Ni receives funding to support K-12 schools in developing culturally relevant online courses

Ni receives funding to support K-12 schools in developing culturally relevant online courses

Dr. Lijun Ni portrait

Albany, NY (September 29, 2020) - Lijun Ni, assistant professor of Educational Theory and Practice and an expert in computer science education, recently received funding from the National Science Foundation (NSF) to support K-12 teachers to develop effective remote delivery pedagogies and attract more diverse learners into computer science.  Specifically, this funding will support Dr. Ni and colleagues in working with teachers from three school districts to address two themes: (1) the adaptation of existing curricula for online learning and (2) research on the impact of remote learning on underrepresented students.

“This groundbreaking work is critical for understanding how to effectively convert K-12 education to remote delivery and working to address the digital divide that we so often see in underrepresented communities,” said Jason Lane, dean of the School of Education. “Professor Ni’s work further represents the School of Education’s long-time commitment to excellence in social justice and online education.”  

Ni and team will work with teachers to adapt their curriculum for remote learning, introducing culturally relevant computing pedagogies that engage secondary students and their families together, with special attention to underrepresented students, and highlight cultural heritage and student self-expression. They will also create resources and structure to build a remote professional learning community (PLC) for teachers across the three districts in the project – in Lowell and Methuen, MA and Schenectady, NY.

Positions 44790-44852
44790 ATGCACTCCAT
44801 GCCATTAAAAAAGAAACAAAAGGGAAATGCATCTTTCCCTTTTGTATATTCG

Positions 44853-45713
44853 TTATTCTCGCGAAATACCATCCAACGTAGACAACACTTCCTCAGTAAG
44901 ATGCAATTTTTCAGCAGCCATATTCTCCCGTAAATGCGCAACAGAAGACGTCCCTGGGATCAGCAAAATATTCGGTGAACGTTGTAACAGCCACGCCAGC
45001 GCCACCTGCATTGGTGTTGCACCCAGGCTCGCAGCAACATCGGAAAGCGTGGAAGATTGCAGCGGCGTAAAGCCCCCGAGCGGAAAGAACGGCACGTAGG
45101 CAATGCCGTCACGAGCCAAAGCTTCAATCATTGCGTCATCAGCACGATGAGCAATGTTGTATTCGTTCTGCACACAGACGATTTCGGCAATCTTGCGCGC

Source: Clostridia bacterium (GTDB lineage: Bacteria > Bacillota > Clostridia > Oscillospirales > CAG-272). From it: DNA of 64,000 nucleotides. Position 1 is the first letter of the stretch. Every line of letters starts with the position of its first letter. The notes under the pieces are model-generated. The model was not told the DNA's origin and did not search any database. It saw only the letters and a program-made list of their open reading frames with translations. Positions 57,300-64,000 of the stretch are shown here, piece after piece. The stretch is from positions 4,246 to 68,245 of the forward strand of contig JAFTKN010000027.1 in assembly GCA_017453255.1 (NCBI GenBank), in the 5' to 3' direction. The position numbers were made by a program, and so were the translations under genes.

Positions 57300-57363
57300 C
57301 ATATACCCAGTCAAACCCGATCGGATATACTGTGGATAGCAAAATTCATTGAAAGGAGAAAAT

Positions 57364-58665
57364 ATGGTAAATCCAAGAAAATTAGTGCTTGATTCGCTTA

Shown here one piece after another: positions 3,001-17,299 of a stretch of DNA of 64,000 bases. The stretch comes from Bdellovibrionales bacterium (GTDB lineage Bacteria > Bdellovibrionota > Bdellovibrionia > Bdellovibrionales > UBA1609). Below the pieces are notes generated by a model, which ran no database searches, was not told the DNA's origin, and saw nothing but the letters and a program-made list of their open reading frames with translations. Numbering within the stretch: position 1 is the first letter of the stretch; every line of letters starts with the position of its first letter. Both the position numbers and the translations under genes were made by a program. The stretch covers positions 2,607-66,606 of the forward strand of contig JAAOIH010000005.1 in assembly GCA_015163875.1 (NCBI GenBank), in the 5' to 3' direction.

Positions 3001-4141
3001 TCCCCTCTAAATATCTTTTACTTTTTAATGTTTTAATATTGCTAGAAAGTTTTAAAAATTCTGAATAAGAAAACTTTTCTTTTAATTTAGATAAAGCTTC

The funding augments an existing NSF grant, Collaborative Research: CS Pathways RPP: A District Ownership-based Approach to Middle School Computer Science, which she is working on with UMass Lowell Computer Science Professor Fred Martin and team.

The focus of year 1 was on building partnership, district structure and resources, and teacher capacity.  Ni and UAlbany researchers including doctoral students Gillian Bausch and Rebecca Benjamin, are partnering with the three middle schools in the Schenectady City School District, to create an inclusive, culturally-responsive, and sustainable middle school computer science and digital literacy program, aligned with the new NYS K-12 Computer Science and Digital Fluency Standards.

The School of Education is a national leader in the delivery of online graduate education and in teaching teachers how to teach in online and remote formats. U.S. News & World Report has ranked the School as one of the top 10 in the country for providing an outstanding online learning experience for students. In March 2020, the School also launched www.RemoteEd.org, an online resource hub to support teachers and parents in navigating the new remote learning environment.